Document Type


Journal/Book Title

Hazardous Waste & Hazardous Materials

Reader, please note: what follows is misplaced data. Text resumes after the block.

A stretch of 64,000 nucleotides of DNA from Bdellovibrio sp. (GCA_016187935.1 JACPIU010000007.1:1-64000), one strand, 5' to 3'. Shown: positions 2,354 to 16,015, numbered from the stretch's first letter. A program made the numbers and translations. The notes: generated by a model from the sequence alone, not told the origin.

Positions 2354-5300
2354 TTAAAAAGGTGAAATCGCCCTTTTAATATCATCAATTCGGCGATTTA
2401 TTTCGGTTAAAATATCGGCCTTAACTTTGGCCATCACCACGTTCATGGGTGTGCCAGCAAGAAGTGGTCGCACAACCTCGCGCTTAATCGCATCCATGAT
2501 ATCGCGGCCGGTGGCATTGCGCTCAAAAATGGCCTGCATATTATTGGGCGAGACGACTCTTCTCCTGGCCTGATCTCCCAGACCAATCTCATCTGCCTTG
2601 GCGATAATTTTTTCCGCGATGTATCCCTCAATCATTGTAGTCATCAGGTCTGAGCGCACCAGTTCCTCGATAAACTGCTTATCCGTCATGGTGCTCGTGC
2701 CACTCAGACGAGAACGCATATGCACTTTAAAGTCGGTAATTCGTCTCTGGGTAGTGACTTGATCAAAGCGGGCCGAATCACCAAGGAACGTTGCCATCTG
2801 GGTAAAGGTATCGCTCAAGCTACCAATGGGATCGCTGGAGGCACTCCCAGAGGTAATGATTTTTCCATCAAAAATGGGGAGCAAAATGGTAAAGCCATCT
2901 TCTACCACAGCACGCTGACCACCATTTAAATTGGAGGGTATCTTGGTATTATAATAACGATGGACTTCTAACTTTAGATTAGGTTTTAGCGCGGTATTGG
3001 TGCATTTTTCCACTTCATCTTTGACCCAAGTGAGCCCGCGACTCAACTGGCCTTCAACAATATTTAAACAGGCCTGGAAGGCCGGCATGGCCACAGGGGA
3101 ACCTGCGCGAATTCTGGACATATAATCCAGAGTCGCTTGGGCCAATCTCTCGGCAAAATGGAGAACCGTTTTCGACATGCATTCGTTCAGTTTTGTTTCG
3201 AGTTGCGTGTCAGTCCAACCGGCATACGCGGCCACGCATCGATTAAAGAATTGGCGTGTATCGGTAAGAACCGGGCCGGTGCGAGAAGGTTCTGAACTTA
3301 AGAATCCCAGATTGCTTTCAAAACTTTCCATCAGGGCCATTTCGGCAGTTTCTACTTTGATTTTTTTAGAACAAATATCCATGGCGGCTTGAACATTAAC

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Biological processes, including microbial degradation, have been identified as critical mechanisms for attenuating organic contaminants during transit through the vadose zone to the groundwater. On-site soil remedial measures using biological processes can reduce or eliminate groundwater contamination, thus reducing the need for extensive groundwater monitoring and treatment requirements. On-site remedial systems that utilize the soil as the treatment system accomplish treatment by using naturally occurring microorganisms to treat the contaminants. Treatment often may be enhanced by a variety of physical/chemical methods, such as fertilization, tilling, soil Ph adjustment, moisture control, etc. The development of a bioremediation program for a specific contaminated soil system includes: (1) a thorough site/soil/waste characterization; (2) treatability studies; and (3) design and implementation of the bioremediation plan. Biological remediation of soils contaminated with organic chemicals has been demonstrated to be an alternative treatment technology that can often meet the goal of achieving a permanent clean-up remedy at hazardous waste sites, as encouraged by the U.S. Environmental Protection Agency (U.S. EPA) for implementation of the Superfund Amendments and Reauthorization Act (SARA) of 1986. Bioremediation is especially promising if it is incorporated in a remediation plan that uses an integrated approach to the cleanup of the complete site, i.e., a plan that involves the concept of a "treatment train" of physical, chemical, and/or biological processes to address remediation of all sources of contaminants at the site.


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